In an address immediately following an extended Cabinet regular meeting yesterday, the Prime Minister informed the nation that she had advised Acting President Timothy Hamel-Smith to revoke Volney’s appointment. The Prime Minister announced the appointment of Tobago-born attorney Christlyn Moore, a senator, as his replacement.

In her live address to the nation, the Prime Minister cleared the Attorney General Anand Ramlogan of any culpability or involvement in the scandal of the (Administration of Justice) Indictable Offences Act) and she placed the blame for the Section 34 debacle squarely at Volney’s feet, stating that he misled the Cabinet with respect to the concurrence and support of the Chief Justice and DPP for early proclamation of Section 34.

It was Volney who piloted the final version of Section 34 in the Senate (“which, the Prime Minister noted, was not the version approved by the Legislative Review Committee (LRC) and thereafter by the Cabinet”). She also pointed that it was his Cabinet note which called for early proclamation, citing consultations with Chief Justice and the Director of Public Prosecutions.

She recalled that when Volney brought the note on August 9 to the Cabinet to proclaim Section 34 she specifically asked him whether the Chief Justice and the DPP had been consulted. She said Volney drew her attention to paragraph five of the Note which started that the Chief Justice had been consulted on the proclamation. “He then confirmed to the Cabinet that he had the support and approval of both the Chief Justice and the DPP on this matter,” the Prime Minister stated.

“Early proclamation should never have occurred,” the Prime Minister concluded.

“The approval of the Cabinet for this piecemeal proclamation was therefore predicated and based on the assurance and understanding that the Judiciary and the DPP were adequately consulted and fully supported the early implementation of this measure (Section 34) as a precursor to the rest of the act that would come into force in January 2013,” the Prime Minister said.

But the Prime Minister said during her investigations that she spoke with the Chief Justice and “humbly requested” a report. The Chief Justice who provided a written report as well as the notes taken at a July 24 meeting with a specially appointed inter-ministerial committee, she said. She added that she also met with the Chief Justice and the DPP on Wednesday on the issue. “I am now satisfied that there was no prior adequate or proper consultation with either office-holder on the early proclamation of Section 34,” she said.

She added that she was also satisfied that there was a “legitimate expectation” on the part of both officeholders that there would be no partial proclamation of this Act as this assurance had been given by Volney at the July 24 meeting.

The Prime Minister said all ministers had a “sacred duty and responsibility to the Cabinet in seeking to persuade the Cabinet to approve his or her note, present his case objectively, accurately in the knowledge that the Cabinet would act on his or her assurances and representations,” she said.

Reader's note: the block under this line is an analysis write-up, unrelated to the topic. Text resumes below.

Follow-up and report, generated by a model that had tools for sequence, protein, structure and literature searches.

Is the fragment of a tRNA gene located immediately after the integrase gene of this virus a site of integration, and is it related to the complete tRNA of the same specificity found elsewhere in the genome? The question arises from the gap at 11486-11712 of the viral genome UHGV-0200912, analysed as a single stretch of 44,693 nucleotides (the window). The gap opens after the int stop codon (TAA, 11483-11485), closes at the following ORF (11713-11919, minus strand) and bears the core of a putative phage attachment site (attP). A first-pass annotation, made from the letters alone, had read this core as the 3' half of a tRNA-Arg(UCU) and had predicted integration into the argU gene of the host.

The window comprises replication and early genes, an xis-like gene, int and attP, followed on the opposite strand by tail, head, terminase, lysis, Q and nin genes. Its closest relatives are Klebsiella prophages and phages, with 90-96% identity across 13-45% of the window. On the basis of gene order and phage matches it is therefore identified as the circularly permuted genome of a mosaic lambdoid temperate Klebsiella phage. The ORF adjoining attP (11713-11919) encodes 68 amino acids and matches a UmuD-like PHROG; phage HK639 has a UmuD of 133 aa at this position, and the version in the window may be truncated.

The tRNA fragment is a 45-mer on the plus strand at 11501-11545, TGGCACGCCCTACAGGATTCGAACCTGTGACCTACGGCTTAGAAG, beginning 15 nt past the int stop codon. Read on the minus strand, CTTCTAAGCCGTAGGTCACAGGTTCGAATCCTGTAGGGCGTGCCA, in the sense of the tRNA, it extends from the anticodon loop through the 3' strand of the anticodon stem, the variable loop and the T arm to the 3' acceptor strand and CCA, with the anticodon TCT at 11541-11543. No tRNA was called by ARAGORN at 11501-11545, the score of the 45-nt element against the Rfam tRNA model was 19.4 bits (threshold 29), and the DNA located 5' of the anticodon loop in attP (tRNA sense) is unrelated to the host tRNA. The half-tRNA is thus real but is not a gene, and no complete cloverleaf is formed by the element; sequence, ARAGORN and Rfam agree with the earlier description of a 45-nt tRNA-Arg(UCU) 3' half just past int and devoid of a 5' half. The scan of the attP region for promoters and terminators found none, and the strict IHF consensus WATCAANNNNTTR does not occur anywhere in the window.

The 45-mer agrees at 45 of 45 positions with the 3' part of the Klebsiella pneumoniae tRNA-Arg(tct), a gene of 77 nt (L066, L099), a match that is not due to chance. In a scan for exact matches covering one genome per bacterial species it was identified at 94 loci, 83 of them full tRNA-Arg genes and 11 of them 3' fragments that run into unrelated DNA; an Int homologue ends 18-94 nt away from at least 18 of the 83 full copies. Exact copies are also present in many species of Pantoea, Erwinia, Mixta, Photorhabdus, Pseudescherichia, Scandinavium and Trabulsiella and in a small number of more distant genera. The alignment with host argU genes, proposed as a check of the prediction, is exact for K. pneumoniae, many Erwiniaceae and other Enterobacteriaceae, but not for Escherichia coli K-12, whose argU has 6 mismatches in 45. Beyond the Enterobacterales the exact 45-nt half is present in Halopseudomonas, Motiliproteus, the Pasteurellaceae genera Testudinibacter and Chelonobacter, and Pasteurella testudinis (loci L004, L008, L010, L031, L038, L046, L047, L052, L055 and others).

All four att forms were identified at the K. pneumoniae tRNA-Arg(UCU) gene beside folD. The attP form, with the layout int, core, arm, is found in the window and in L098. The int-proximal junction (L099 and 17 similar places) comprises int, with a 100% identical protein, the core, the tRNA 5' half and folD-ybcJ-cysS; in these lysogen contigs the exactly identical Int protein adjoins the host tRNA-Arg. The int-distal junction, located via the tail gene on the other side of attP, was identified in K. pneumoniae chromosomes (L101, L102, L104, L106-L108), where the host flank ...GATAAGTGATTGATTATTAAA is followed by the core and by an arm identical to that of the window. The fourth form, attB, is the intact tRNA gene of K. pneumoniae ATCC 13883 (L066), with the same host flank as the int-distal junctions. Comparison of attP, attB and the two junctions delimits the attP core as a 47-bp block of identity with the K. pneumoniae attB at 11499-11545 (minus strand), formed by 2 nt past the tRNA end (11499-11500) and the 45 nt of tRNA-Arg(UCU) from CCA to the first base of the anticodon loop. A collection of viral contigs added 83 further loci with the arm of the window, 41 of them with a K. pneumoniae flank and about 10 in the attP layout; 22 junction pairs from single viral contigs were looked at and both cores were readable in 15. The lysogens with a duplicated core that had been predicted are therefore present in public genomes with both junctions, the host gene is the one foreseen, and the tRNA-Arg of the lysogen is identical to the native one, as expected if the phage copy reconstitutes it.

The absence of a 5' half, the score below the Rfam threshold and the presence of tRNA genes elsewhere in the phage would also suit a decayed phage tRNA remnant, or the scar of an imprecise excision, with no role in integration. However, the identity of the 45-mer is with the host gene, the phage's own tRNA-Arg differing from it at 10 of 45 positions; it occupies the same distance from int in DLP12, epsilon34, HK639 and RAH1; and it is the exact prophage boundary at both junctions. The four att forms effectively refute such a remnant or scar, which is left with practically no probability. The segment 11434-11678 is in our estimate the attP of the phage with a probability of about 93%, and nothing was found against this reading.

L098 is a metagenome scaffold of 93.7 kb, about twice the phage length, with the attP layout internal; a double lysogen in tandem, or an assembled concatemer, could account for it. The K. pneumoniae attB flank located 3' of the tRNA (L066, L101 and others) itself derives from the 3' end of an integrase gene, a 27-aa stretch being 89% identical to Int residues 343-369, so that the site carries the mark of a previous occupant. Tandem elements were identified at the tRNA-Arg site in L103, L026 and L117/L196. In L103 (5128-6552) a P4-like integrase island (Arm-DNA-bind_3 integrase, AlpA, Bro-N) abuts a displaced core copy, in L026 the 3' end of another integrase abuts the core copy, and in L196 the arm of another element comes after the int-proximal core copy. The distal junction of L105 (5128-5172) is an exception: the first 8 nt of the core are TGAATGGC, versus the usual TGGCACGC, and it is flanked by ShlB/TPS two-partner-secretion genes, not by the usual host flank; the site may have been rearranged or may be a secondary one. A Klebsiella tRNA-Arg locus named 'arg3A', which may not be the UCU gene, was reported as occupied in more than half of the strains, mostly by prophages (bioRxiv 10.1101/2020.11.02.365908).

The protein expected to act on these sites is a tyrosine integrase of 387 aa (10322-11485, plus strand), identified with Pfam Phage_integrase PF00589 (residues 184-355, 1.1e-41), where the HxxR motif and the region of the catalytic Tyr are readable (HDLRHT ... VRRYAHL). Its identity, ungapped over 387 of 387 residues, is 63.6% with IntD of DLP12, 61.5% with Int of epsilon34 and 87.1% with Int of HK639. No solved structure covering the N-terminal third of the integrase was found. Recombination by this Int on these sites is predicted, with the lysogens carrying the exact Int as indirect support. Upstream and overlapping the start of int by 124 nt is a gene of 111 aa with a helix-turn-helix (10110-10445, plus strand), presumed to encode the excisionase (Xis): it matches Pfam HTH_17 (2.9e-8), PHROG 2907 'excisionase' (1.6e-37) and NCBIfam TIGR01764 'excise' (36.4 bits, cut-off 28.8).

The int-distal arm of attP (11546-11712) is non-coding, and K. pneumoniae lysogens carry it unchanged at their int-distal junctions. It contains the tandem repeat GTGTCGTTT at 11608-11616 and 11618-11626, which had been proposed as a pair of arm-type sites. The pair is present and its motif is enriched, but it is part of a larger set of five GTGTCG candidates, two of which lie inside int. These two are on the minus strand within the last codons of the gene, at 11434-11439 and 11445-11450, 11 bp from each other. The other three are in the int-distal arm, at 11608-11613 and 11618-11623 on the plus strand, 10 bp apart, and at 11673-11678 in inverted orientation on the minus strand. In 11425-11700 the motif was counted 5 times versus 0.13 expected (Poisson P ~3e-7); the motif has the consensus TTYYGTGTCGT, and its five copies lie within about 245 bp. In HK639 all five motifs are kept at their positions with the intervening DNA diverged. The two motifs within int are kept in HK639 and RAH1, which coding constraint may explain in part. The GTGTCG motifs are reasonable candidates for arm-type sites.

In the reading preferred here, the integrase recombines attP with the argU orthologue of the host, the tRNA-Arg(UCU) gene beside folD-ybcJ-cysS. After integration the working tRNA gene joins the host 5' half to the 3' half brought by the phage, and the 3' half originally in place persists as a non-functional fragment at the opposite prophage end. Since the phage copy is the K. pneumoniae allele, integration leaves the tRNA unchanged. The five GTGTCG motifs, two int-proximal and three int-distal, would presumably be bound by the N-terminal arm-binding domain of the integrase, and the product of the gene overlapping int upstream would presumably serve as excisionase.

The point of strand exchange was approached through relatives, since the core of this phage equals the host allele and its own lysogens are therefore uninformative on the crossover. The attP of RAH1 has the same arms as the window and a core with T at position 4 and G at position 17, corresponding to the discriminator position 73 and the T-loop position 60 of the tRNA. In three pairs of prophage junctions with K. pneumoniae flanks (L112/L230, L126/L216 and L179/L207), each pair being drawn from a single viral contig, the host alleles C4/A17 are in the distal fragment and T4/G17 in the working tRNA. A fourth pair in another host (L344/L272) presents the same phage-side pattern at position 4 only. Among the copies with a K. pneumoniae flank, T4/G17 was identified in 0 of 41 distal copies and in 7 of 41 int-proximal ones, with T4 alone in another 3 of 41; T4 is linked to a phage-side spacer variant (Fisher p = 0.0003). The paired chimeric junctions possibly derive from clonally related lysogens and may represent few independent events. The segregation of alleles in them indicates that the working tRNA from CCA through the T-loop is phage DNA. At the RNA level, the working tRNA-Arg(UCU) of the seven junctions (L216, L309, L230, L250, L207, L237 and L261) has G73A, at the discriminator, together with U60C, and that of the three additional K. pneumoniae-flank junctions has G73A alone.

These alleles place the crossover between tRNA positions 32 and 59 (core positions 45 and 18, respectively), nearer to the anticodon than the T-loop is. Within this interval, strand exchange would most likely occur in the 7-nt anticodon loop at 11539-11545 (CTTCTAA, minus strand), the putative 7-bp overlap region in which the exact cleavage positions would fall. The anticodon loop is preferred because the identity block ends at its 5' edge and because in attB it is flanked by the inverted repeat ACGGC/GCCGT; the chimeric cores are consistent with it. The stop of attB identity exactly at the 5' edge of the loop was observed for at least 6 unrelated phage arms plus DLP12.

“The Minister of Justice had a duty to faithfully and accurately represent the position and views of the Honourable Chief Justice and the DPP. He failed so to do and the Cabinet relied and acted on his assurances in good faith,” the Prime Minister said.

“His failure to do so is a serious misrepresentation and amounts to material non-disclosure of relevant facts to the Cabinet which effectively prevented the Cabinet from making an informed decision,” the Prime Minister said.

Persad-Bissessar noted that even after the concerns were first raised by the DPP, Volney told the Cabinet that both the CJ and DPP had agreed to the early proclamation.

The Prime Minister apologised to the President, the Chief Justice, the Parliament, the DPP and the country.

This was the seventh minister which Persad-Bissessar has axed in her relatively short two-and-a-half-year tenure as PM. She said, “tough decisions on integrity and performance were being made all the time”. The Prime Minister said she had spoken with Volney yesterday and he admitted he made an error.

The Prime Minister however stressed that it was Parliament in its collective wisdom which “gave birth to Section 34”.

She emphasised too there was no “nefarious intent” and that the amendment “targeted no particular persons, nor was it designed to protect any sectoral interests”. The outcry was created because the bill would have provided an avenue for UNC financiers Ish Galbaransingh and Steve Ferguson and others in the Piarco fraud cases to escape prosecution. Section 34 was repealed last week,

The Prime Minister noted that “it was on the floor of the Senate without oversight by the LRC or the Cabinet,” that the final version of Section 34, which changed the statutory limitation from ten years from the start of criminal proceedings to ten years from the date of the offence, was created.

The Prime Minister appeared to praise the public protest over Section 34, saying that she “embraced the debate and demonstration and welcomed those who feel so passionately about the nation”.

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